Western utilities eye joining Southwest Power Pool, state regulators are wary
Energize Weekly, July 19, 2017
The Mountain West Transmission Group, which represents utilities in eight western states, is considering joining the Southwest Power Pool’s (SPP) wholesale market, a move that is raising cost and reliability questions among state officials.
More than 60 percent of the nation’s electricity moves through regional wholesale markets, operated by Regional Transmission Organizations (RTOs) or Independent System Operators (ISOs). The only areas lacking such markets, which are considered more efficient and cost effective, are the West and the Southeast.
The SPP operates a market that stretches across all or parts of 14 states from the Texas Panhandle to the Canadian border with about 100 member utilities, energy traders and state power authorities.
Mountain West Transmission operators, roughly aligned from New Mexico to Wyoming, include investor-owned Xcel Energy, rural cooperative wholesale power provider Tri-State Generation and Transmission Association, and the federal Western Area Power Administration.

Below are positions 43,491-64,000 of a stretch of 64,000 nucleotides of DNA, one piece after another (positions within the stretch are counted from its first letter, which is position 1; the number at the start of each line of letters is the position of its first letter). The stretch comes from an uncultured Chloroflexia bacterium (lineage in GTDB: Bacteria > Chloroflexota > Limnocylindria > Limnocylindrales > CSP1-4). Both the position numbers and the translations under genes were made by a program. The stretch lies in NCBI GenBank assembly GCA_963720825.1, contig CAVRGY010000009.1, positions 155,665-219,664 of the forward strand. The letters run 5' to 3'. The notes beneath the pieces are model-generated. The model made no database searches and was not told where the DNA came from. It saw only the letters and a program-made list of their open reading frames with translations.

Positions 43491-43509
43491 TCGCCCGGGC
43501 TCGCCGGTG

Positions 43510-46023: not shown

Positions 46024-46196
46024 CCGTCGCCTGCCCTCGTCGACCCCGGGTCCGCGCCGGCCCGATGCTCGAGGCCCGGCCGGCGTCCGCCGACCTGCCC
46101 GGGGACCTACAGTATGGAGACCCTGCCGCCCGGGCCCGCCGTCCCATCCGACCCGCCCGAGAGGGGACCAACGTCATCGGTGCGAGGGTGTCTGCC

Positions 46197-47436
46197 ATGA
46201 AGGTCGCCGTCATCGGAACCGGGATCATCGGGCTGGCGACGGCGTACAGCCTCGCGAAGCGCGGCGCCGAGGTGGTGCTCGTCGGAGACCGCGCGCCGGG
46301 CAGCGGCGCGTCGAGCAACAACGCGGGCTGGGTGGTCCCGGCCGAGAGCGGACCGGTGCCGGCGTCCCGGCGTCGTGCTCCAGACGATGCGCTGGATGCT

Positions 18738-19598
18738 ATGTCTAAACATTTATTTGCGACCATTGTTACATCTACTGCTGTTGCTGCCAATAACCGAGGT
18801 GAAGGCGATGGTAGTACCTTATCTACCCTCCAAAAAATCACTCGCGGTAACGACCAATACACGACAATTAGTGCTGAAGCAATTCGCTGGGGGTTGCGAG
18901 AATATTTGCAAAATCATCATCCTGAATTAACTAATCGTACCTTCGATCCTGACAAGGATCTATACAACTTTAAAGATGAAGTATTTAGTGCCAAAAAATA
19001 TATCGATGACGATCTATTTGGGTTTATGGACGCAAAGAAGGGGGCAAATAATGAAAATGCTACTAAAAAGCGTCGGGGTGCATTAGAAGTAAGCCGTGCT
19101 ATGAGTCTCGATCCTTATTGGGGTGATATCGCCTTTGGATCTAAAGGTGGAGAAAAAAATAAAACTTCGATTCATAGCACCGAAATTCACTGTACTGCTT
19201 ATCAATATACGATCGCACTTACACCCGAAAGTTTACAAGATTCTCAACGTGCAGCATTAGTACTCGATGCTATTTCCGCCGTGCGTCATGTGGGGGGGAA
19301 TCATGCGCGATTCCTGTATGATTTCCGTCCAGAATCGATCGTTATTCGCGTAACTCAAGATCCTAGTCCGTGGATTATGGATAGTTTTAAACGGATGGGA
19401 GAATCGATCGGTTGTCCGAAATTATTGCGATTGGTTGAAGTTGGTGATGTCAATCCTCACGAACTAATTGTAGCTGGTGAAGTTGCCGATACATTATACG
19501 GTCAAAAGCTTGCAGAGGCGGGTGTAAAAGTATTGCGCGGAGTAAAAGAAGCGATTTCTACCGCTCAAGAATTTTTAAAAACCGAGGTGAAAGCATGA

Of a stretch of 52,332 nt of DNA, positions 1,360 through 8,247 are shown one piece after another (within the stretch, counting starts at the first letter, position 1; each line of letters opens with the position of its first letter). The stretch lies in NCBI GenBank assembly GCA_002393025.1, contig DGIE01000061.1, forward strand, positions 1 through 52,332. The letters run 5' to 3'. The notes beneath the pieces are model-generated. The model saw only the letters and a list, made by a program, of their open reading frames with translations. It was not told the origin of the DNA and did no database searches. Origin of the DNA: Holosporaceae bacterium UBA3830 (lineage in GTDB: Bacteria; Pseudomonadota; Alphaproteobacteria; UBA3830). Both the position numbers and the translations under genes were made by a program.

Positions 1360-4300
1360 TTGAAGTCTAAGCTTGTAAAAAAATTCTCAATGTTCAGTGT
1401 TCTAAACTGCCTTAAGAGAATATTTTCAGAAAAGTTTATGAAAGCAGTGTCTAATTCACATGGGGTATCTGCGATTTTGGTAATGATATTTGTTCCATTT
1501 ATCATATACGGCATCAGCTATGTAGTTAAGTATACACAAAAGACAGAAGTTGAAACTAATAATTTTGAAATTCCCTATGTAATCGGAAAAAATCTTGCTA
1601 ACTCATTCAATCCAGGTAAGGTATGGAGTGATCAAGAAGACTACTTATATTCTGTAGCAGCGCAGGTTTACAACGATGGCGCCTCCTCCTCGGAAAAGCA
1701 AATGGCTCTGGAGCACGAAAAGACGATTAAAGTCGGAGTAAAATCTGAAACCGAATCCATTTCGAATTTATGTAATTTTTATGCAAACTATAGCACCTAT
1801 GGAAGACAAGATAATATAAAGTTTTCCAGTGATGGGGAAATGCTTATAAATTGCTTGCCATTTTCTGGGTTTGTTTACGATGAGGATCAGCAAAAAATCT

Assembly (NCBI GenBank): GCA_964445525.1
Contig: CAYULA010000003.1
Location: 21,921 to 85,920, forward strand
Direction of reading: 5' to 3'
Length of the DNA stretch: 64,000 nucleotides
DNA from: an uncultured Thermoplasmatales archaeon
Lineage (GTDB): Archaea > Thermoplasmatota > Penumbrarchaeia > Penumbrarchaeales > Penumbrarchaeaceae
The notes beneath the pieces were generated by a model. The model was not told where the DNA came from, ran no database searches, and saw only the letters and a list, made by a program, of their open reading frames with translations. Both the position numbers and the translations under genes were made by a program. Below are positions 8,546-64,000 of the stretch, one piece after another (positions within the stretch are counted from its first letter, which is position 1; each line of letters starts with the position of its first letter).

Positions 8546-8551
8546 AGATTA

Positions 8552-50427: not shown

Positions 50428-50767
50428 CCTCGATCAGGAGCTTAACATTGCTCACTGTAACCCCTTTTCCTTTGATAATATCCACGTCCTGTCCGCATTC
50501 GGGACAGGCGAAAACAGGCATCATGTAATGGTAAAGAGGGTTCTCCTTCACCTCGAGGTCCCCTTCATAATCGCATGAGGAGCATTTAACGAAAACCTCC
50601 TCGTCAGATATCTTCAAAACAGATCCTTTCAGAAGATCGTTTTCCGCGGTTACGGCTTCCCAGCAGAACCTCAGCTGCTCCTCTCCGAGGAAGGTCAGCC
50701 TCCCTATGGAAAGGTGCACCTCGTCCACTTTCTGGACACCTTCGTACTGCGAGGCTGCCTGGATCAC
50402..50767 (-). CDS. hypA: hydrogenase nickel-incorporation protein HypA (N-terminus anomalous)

Municipal utilities are represented by the Platte River Power Authority and Colorado Springs Utilities.
While the West doesn’t have a regional wholesale power market, it does have a highly integrated and complex reliability assurance plan operated by an independent reliability coordinator, or RC, Peak Reliability.
One of the tensions around the prospect of 10 percent of the western system leaving to joining SPP is the impact it will have on the overall system. These issues were aired at special meeting of the Colorado Public Utilities Commission (PUC) in late June.
“The West is a really complex machine,” said Marie Jordan, CEO of Peak. “It runs as one large machine.”
For example, about a quarter of the electricity coming from hydropower plants in the Pacific Northwest bound for Los Angeles swings east and then south through lines in the mountain states rather than heading south through Oregon and California, Jordan said.
“What happens in Colorado doesn’t stay in Colorado,” she said.